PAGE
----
– Tax reform: if tax was appropriately and more fairly administered instead of favouring the corporate elite, we could see a boost in greater funds available for a variety of other services such as mental health, emergency, aged care, and disability just to name a few.  Tax reform is essential to ensure some are contributing more fairly back into the country and others are not being pushed to the poverty line.

– Clean energy:  there are options available to source clean and sustainable energy without resorting to methods such as cold seam gas drilling, which is high risk and unsustainable.

– Cannabis oil:  this has been researched by medical scientists overseas and proven to be medically beneficial in the treatment options of cancer and other diseases.  This should be made available (and administered by an independent body separate to pharmaceutical companies) without further delay.

– Hemp: this is an industry opportunity which the country really needs to embrace due to the economic and eco-sustainable value it provides in a multitude of useful purposes.  Additionally, I would support the Government to offer funding programs to assist farmers who wish to transition out of agribusiness and into this new and growing industry opportunity.

– GMO labelling: in the short-term, GMO labelling should be compulsory.  We also need to shift away from GMO food production and towards organic, sustainable crop farming practices which support good health.

– Homebirth and homeschooling. These are important options for parents and must be preserved.

These are really only a ‘tip-of-the-iceberg’ approach to the issues I would champion change for on behalf of the Health Australia Party and its supporters.”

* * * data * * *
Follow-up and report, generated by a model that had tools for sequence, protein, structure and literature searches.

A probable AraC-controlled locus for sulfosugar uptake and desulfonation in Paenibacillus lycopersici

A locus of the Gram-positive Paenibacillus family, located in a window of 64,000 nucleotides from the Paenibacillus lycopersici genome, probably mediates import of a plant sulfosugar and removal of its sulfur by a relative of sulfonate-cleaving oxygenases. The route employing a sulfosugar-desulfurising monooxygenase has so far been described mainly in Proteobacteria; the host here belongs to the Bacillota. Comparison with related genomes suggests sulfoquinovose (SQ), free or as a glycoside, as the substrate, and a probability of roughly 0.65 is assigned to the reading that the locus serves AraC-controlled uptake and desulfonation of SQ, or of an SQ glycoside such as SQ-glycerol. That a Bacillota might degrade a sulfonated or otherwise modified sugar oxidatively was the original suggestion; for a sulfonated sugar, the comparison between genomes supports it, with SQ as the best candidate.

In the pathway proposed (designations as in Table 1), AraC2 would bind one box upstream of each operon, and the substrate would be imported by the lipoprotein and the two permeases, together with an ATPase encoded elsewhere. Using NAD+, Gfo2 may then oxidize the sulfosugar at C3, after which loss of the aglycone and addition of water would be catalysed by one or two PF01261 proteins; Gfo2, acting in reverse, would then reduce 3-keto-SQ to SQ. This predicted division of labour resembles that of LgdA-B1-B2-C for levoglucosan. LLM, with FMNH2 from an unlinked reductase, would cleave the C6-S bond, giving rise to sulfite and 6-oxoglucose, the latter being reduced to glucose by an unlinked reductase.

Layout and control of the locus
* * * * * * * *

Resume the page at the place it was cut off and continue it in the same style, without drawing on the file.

The party has received tremendous support to date – what do you attribute that to?

“People are tired of the same drum beat by the major party options and their corporate vested sponsors, and are tired of being unheard. The party represents basic common values which most people share, and a direction which most people want to see in Australia.”

 Some 85% of HAP supporters are women. For all the talk of getting women involved with politics HAP seem to have found the formula – what is it that HAP offers women that other parties don’t?

“Many policy makers develop policies which have a huge impact upon women, without any real consultation with the women required to conform to the changes, such as home-birthing and mid-wife pregnancy options.  HAP offers real support to women’s rights and represents the values many of our supporters have voiced.  We listen, we care, and we champion”.

Anything else you want to add?

“The Health Australia Party are in this for the long haul.  Ideally, we secure as many seats as possible in the Senate in this upcoming election so we can start addressing the issues at hand.  We are challenged by time constraints to adequately generate awareness of the HAP, and consequently are relying upon supporters to assist the HAP with this by becoming members, sharing awareness of the HAP broadly, and even volunteering to hand out ‘How to Vote’ leaflets on voting day.  Together we can co-create positive change for our country.”